“Emily?  Emily Morgan?”  I look up to see a young woman with long, strawberry blonde hair and pale blue eyes standing a few feet from my table.  There is something familiar about her face, her smile and the stylish, purple-framed glasses balanced on her nose.  “It’s Michelle,” She adds helpfully.  “Michelle Briar.”

Of course.  The name seems to make everything click into focus, and in my mind I see Michelle age in reverse, getting younger until she is about fourteen or fifteen years of age.  A fellow Hufflepuff, Michelle had been two years below me at Hogwarts, so we weren’t exactly in the same social circle but we’d known it other a bit through Gobstones club and general house-mate, common room camaraderie. 

“Michelle!” I exclaim, feeling the smile stretch across my face.  “Of course!  I can’t believe I didn’t recognise you, you’ve hardly changed at all!”  Michelle has moved towards me, arms open, and I stand to receive the hug she is offering.  As I pull away, I note that my comment was not a lie.  Despite the aging process that we all go through, she does look incredible considering the last time I saw her she was a teenager, untouched as of yet by the cruel hand of war.  I know I certainly don’t look as good.

When I was at school, before Cedric died, I took a lot of pride in my appearance.  I’ve always been short, but since I have what my mum always called ‘petite’ features, I got away with the whole ‘cute’ façade.  I’ve always kept my honey brown hair short, although these days I just let it frizz where it may, unlike my teenage years when I spent hours perfecting hair-styling charms to make smooth, gentle curls that framed my face every single day.  My friends and I loved makeup, and I had pored over muggle magazines and beauty spell books until I found the best way to make my hazel eyes ‘pop’, although now I imagine they are just dull and lifeless and I can’t actually remember where my makeup bag is.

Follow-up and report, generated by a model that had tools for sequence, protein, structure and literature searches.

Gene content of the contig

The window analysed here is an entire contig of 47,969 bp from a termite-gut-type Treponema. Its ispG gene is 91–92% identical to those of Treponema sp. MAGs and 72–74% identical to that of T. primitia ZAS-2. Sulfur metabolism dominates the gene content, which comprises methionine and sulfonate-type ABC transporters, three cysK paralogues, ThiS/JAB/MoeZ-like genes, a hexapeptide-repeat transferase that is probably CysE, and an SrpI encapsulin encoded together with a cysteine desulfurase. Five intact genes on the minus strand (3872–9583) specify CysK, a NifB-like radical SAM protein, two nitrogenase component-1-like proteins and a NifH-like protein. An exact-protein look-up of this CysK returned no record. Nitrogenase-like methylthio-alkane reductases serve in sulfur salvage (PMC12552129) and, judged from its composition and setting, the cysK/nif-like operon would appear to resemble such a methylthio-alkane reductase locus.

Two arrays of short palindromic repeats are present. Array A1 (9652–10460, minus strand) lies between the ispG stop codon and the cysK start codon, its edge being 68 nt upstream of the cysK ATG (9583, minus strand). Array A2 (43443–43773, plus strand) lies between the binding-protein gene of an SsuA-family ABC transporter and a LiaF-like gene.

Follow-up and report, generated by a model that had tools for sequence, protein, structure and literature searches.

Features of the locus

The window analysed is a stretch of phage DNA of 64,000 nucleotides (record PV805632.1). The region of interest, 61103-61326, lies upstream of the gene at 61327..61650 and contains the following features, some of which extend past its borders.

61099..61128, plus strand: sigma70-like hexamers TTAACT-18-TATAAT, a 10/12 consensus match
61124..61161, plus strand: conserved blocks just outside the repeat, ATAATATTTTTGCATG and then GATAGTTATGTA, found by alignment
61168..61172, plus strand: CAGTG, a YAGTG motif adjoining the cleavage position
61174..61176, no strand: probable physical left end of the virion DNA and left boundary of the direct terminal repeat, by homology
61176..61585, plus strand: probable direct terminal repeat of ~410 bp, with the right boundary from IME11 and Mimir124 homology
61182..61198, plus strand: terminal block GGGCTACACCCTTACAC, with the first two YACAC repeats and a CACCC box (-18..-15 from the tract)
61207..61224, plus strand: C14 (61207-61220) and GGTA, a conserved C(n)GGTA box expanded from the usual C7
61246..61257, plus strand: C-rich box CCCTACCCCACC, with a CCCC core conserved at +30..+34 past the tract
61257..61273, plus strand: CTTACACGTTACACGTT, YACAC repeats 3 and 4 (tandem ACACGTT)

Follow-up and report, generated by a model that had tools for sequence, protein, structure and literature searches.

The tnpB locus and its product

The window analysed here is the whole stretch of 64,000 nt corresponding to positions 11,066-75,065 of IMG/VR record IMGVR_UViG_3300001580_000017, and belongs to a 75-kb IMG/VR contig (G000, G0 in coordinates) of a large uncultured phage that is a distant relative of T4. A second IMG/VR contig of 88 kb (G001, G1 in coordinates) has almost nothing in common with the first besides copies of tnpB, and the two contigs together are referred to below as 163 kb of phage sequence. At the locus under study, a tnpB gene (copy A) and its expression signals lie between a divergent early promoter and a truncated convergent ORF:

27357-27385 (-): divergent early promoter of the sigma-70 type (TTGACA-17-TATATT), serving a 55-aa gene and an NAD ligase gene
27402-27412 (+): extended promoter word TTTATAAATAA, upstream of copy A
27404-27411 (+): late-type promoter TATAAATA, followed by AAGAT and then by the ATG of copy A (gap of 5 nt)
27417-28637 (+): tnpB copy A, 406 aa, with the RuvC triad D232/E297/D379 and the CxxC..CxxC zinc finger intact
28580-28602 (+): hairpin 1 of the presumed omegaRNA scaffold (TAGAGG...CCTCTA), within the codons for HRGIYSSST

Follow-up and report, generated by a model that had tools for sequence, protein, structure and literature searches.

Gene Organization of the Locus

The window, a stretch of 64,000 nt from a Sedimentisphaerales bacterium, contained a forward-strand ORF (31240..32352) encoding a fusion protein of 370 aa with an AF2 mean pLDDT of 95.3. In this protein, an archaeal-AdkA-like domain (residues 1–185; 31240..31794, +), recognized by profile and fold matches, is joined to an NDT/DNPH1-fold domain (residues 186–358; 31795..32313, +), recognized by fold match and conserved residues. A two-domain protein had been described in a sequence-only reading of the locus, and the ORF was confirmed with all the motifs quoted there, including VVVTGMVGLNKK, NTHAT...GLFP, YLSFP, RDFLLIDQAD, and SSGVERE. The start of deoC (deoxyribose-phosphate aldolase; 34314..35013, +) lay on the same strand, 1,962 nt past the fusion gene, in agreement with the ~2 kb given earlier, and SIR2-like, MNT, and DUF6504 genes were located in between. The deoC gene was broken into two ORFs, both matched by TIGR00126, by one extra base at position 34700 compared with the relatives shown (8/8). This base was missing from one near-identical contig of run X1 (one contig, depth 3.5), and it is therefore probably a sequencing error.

“Are you meeting someone or may I join you?” Michelle asks, and I indicate to the empty seats at my table.

“Please, sit down,”  I beam, amazed to hear the normal tone to my voice; it’s grown so tired and defeated in my head that I’d forgotten the normal musical ring of my Welsh accent.  “It’s so great to see you after all these years.”

“I know, isn’t it just?” Michelle smiles as she removes her gloves and sits next to me.  “I know it’s been a few years, but I still get that happy, relieved feeling inside when I see someone that I haven’t seen since before…well, you know,” The smile falters from her face for a moment and I nod in quick, solemn understanding.  Since before the war, was how that sentence was supposed to end, and I know exactly what she means.  So many people we know – and many more that we don’t – didn’t make it through the war; and even though it’s been nearly five years since that fateful battle that finally brought peace back to the magical community, the wounds are still fresh, and survivors are met with relief.

“So what are you doing here in Hogsmeade?” She continues, the smile back on her face, the moment of painful memories passed.